The Prairie Research Institute is home to premier geological, biological, and archaeological research collections. These collections include millions of rare and irreplaceable human artifacts, fossils, subsurface geological samples, and biological specimens.
The Illinois State Archaeological Survey houses one of the most extensive archaeological research collections in Illinois, which is used by researchers from around the world to gain insights into our history.
With more than 9 million specimens, PRI is home to the most comprehensive documentation of Illinois’ flora and fauna, encompassing amphibians and reptiles, birds, crayfish and other crustaceans, fish, fungi, insects and other arthropods, mammals, microsporidia, mollusks, plants, and segmented worms. As many species continue to decline and disappear in the wild, these collections represent a unique and irreplaceable archive of biodiversity. These specimens can be used to:
- discover and describe previously unknown species
- identify and track the spread of invasive species
- infer evolutionary relationships among organisms
- document and predict the past, present, and future distributions of species, including endangered species
- prioritize areas for conservation based on their past and present species diversity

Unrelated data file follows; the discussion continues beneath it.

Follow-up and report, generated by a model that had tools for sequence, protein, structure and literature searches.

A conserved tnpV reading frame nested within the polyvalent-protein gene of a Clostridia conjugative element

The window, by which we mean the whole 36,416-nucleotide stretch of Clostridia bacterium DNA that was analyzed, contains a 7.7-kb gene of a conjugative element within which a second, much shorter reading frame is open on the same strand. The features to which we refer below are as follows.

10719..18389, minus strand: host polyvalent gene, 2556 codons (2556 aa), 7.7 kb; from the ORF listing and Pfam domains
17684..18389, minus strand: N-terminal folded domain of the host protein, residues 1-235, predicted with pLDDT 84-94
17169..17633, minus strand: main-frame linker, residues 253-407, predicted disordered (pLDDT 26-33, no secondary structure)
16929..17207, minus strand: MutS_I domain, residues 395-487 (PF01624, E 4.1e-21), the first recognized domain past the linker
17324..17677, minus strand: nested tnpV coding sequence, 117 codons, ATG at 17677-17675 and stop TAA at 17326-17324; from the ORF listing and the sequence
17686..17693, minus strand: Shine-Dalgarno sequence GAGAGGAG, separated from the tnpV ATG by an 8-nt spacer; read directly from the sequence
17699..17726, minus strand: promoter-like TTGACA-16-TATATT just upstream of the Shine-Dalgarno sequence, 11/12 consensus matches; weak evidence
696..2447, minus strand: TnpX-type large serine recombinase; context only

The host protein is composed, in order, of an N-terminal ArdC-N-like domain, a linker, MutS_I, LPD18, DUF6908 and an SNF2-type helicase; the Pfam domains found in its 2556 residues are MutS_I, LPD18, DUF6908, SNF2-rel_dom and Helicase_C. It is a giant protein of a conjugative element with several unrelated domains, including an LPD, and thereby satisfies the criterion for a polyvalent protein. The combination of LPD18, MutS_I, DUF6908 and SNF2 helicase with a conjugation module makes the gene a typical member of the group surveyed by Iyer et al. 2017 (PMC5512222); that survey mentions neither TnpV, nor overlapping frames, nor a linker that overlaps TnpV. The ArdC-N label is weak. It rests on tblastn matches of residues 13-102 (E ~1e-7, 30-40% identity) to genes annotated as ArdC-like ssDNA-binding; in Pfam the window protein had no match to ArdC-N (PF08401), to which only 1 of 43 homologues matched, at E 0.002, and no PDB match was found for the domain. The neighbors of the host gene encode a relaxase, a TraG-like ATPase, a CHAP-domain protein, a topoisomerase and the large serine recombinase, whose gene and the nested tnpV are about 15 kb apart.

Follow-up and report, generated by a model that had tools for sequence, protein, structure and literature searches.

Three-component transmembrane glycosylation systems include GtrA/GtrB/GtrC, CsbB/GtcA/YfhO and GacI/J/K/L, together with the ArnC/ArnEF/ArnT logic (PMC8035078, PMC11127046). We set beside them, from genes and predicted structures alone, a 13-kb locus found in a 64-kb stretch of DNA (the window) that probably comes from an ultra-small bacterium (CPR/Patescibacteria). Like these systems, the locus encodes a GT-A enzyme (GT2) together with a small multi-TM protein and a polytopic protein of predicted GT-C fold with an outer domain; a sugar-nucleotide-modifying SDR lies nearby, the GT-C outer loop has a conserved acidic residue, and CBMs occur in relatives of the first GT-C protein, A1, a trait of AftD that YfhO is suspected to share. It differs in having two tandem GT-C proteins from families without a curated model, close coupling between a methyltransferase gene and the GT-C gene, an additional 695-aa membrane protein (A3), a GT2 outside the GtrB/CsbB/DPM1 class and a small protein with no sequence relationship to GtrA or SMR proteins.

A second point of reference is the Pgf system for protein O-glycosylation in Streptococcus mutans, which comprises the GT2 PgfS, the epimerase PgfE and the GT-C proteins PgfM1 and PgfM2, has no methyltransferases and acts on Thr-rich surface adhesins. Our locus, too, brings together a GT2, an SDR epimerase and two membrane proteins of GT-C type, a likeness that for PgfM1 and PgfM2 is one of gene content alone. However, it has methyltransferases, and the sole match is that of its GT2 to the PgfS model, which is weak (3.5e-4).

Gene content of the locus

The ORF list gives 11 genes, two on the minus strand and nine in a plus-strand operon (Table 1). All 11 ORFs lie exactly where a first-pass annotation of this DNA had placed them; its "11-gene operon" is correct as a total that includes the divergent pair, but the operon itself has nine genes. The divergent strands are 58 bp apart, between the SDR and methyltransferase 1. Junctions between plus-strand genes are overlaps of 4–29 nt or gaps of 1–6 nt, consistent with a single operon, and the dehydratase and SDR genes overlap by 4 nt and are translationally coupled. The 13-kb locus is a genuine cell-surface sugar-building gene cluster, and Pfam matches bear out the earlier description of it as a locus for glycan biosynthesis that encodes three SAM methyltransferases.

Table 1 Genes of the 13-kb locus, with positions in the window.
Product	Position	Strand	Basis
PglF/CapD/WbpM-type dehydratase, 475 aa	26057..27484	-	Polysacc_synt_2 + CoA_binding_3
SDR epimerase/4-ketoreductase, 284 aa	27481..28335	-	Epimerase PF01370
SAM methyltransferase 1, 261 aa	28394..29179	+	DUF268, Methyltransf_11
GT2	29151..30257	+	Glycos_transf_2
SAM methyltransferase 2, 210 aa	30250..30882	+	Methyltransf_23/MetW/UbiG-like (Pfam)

- develop baselines and targets for habitat restoration
- document environmental change, such as the presence of chemical pollutants and pathogens
- track changes in distribution and community composition associated with climate change and other human-induced environmental changes
- train students for careers in natural resource management, conservation biology, and taxonomy and systematics
PRI houses an extensive collection of over 1.5 million fossil specimens from around the world. These collections are used extensively by researchers to piece together the history of our planet.
Particular strengths of PRI’s paleontological collections include fossil plants and insects from the Pennsylvanian period (Upper Carboniferous) of Illinois, a large collection of Midwestern Pleistocene mollusks, the historically significant Milton Sanderson collection of Early Miocene amber from the Dominican Republic, and a rapidly growing collection of fossil insects from across the globe, ranging in age from Carboniferous to Pleistocene.
PRI is home to the world’s largest collection of coal balls— lumps of petrified plant matter found in coal seams of the Upper Carboniferous Period, which are important sources of information relating to the plants and organisms preceding the Coal Age. PRI’s collection includes 50,000 intact coal balls and a 250,000 thin slices or “peels.” This collection provides valuable insights about temperature, humidity, and C02 conditions of the past.
Geological Samples Library
The Geological Samples Library is the sole public repository of Illinois geologic samples, providing vital support for research on geology, mineral and fossil fuel resources, groundwater, and hazards.
- The Carozzi collection contains over 16,000 specimens of representative rock type from all over the world that were collected by one of the premier petrologists of the 20th Century.
- Each year 10,000 water wells, about 1,000 oil wells, and thousands of engineering boreholes are completed in Illinois. Samples from these wells are mandated to be sent to the Geological Samples Library, providing valuable insights into Illinois’ geologic conditions.